When Will a Tennessee Court Find Mandatory Arbitration “Unconscionable”?
Forced arbitration is an ongoing problem for Tennessee residents seeking justice. Many nursing home abuse, medical malpractice, and other personal injury claims are kept out of court through mandatory arbitration clauses in contracts. In most cases, the injured party (or their family) is unaware they are signing away their due process rights. And Tennessee courts are normally predisposed to enforce such arbitration clauses.
But there are exceptions. The Tennessee Supreme Court has held an arbitration clause is not enforceable when its terms “are beyond the reasonable expectations of an ordinary person, or oppressive or unconscionable.” There is no single standard for determining when a contract is “unconscionable,” but one thing a court will look for is whether one party is blatantly abusing its unequal bargaining power over the other party.
Court Rejects Arbitration in Funeral Home Scandal Class Action
On that point, the Tennessee Court of Appeals recently declined to enforce a mandatory arbitration clause in a contract involving a funeral home. This appeal was just a small part of a larger class action arising from the State of Tennessee’s 2014 seizure of a Memphis cemetery. According to a complaint filed by state regulators, the cemetery was operating without a proper license and “improperly buried bodies…by placing two or more bodies in the same grave.” The cemetery also illegally buried bodies on land it did not own and which was not approved for such use.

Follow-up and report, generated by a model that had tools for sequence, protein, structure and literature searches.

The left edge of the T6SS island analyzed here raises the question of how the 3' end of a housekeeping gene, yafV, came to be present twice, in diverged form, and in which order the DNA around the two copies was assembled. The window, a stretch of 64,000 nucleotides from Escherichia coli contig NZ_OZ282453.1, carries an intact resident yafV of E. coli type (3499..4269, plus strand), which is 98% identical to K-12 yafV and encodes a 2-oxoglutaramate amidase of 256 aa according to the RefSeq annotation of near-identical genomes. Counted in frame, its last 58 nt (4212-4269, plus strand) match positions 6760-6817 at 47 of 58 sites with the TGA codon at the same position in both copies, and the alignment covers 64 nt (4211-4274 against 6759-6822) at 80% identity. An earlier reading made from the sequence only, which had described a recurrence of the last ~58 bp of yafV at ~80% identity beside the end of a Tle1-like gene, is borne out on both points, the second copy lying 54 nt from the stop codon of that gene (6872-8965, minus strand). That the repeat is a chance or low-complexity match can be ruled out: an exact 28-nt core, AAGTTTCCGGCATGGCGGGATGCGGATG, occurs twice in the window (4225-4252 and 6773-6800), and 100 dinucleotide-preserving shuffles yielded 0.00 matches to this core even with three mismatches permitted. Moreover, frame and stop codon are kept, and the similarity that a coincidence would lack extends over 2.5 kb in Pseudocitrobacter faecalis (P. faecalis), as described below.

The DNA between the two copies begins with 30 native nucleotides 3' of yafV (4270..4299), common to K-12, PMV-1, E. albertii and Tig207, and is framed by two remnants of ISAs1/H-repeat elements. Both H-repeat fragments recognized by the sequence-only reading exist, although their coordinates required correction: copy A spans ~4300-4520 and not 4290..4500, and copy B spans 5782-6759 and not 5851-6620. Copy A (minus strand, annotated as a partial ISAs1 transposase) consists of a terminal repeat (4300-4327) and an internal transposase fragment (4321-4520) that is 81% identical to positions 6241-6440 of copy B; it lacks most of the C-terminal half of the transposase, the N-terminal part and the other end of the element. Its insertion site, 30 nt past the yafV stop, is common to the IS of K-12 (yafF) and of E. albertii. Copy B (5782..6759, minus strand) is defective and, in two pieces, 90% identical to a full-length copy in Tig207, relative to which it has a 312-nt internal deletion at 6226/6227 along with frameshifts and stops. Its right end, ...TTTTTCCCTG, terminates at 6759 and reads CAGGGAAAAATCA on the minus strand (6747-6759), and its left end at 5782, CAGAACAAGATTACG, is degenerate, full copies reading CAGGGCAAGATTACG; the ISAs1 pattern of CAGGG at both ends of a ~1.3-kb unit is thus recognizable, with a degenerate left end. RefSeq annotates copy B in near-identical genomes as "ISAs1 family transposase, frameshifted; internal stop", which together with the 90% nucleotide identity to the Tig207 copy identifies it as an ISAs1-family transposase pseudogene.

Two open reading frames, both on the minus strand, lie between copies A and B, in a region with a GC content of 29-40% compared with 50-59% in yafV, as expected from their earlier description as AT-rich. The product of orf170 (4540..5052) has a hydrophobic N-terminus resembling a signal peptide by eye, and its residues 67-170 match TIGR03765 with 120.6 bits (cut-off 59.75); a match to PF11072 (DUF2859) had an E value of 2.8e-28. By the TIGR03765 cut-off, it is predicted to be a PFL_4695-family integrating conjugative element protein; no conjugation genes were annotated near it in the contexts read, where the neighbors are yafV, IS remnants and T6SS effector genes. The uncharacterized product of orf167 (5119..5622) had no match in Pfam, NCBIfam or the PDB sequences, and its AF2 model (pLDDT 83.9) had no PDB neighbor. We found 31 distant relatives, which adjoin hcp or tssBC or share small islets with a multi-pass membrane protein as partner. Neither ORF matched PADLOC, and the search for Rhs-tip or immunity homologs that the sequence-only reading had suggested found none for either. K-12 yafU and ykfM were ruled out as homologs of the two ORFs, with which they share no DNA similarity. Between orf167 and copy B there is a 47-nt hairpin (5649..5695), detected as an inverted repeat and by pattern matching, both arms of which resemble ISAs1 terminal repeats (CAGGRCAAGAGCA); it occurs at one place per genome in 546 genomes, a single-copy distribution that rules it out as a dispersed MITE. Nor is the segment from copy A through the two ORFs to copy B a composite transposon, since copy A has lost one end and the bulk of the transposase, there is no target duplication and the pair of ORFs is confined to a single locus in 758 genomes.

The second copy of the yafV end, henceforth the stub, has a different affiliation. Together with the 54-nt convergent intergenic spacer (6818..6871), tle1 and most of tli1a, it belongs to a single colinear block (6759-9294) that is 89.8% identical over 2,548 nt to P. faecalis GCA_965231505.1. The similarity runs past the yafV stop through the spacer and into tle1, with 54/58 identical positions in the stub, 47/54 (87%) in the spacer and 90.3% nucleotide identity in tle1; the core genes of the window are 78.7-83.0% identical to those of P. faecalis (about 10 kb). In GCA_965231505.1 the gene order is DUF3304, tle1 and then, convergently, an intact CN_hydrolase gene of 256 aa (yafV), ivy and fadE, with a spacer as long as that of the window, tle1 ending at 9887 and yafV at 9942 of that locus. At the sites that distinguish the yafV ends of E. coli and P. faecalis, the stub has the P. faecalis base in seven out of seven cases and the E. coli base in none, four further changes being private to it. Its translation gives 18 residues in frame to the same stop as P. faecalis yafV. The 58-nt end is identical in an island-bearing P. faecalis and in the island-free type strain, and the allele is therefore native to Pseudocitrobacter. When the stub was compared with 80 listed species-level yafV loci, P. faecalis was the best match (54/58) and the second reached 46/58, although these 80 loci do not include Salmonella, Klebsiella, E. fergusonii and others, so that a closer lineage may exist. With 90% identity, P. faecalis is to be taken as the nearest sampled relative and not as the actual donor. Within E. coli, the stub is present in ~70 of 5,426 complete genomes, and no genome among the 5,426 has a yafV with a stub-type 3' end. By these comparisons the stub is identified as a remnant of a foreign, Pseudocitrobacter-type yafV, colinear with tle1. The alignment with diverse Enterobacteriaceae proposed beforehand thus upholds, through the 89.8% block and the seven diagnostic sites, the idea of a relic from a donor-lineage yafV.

Family members horrified to learn their relatives were effectively buried in mass graves sued not only the cemetery’s owners, but several funeral homes which did business with the cemetery. This class action alleged the funeral homes should have known they were dealing with an unlicensed cemetery and ultimately failed to properly supervise the burial of the plaintiffs’ loved ones.
This litigation remains pending. But one of the defendant funeral homes moved to compel arbitration of one of the plaintiff’s claims. This plaintiff hired the defendant to arrange her father’s funeral and burial. After taking possession of the body and making most of the arrangements, the funeral home asked the plaintiff—a college student at the time—to sign a purchase agreement. The agreement contained a single sentence declaring the plaintiff, by signing the contract, agreed any claim she might have against the funeral home “shall be resolved by arbitration and you are giving up your right to a court or jury trial, as well as your right of appeal.”
The trial court, and later the Court of Appeals, determined this clause was “unconscionable” and therefore unenforceable. For one thing, the Court of Appeals noted, “Nothing in the Contract indicates the procedure for seeking arbitration, how an arbitrator will be appointed, the binding effect of arbitration, or any of the procedure to be utilized during the arbitration proceedings.” Second, and more importantly, the contract was offered to the plaintiff on a “take it or leave it” basis, offering no opportunity for the parties to bargain. And given the plaintiff’s “lack of knowledge of the funeral services industry” and her lack of bargaining power due to her immediate need for funeral services, the Court of Appeals said this all added up to a finding mandatory arbitration would be unconscionable.
Need Help Fighting Mandatory Arbitration?
It should be noted the Court of Appeals said mandatory arbitration is not a common practice in the funeral home industry. But it is common in many other industries, such as health care and nursing homes. That is why you should always work with an experienced Tennessee personal injury lawyer who understands how to deal with potentially unconscionable arbitration clauses. Contact the offices of Fox, Farley, Willis & Burnette, Attorneys at Law, in Knoxville or Clinton today if you would like to speak with someone about your case.